Will your garden grow with recent cold temperatures?

RICHMOND, VA (WWBT) - On a day when a little sleet has been falling in some areas, it's hard to ignore the fact how chilly it's been in the last week. It's certainly frustrating if you have already planted flower and vegetable gardens.

March came in like a lamb bringing us plenty of warm, sunny days and a beautiful start to the spring planting season.  For nearly half the month, temperatures climbed well above average with a record high of 84 degrees on March 18th, but we are at the end of March, we are almost into April but we're still not out of the woods yet when it comes to any freeze, or future freezes or frost.

In fact, we had a freeze just the other night, and a freeze is still fair game through mid April.  Frost is rare after April 25, but still possible until early May.

So for planting purposes, "right now, it's an excellent planting season for the cool crop vegetables," said Doug Hensel of the Great Big Greenhouse. "That's your leafy vegetables, your spinach, broccoli, cauliflower, collards, kale..all excellent to be planted for this time of year outside and they love this type of weather that we are having right now."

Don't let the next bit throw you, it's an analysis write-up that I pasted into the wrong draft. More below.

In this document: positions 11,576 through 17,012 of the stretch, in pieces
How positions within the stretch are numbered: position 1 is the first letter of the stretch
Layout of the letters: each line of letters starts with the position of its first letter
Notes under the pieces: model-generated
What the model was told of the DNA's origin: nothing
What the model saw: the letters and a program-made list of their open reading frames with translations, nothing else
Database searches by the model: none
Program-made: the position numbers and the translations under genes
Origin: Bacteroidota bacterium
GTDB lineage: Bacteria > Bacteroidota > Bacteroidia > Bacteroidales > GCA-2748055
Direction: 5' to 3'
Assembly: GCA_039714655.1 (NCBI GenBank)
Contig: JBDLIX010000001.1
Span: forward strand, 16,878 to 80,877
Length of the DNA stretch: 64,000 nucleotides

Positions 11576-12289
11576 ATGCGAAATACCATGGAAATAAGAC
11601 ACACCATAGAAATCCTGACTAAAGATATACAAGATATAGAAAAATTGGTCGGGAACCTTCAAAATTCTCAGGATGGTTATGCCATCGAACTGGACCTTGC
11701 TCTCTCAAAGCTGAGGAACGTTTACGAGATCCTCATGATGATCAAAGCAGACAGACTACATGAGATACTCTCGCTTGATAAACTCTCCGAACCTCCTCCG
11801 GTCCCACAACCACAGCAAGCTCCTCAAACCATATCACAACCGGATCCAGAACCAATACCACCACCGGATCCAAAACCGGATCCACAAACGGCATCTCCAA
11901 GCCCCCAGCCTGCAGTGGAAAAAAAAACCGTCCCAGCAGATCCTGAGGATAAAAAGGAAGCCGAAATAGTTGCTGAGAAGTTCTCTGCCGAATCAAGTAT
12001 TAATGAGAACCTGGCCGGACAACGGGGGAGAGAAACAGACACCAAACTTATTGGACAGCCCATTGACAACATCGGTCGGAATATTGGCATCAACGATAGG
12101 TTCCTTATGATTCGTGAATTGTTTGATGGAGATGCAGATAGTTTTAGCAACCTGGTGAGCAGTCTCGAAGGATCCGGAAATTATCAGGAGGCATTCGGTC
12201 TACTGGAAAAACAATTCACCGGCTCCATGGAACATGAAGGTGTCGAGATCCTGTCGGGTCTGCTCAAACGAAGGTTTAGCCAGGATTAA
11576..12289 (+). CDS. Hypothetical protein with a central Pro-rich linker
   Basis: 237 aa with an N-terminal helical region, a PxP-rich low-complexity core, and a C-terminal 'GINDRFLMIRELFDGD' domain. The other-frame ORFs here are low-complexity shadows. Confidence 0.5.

These type of vegetables don't like warm temperatures: Tomatoes, peppers, and squashes thrive in the late spring warmth so hold off on those for a little longer.  If you got over anxious and need to protect your vegetables or even your flowering annuals, avoid covering them with plastic.

"Covering with a blanket, or a sheet of burlap, or a pillow case...all that works very well," Hensel said.

And don't forget to remove that blanket early in the morning, like us, plants need to breathe and enjoy the sunlight.

So until that winter chill is just a memory, "my advice has always been watch the weather, watch the forecast," Hensel said.

And you can always get our latest forecast on air, online, and on your smart phone with our NBC12 weather app.

There you'll find not only what's happening on radar but we have our 7-day forecast that will tell you if a frost or freeze might be something you need to worry about.

Copyright 2011 WWBT NBC12. All rights reserved.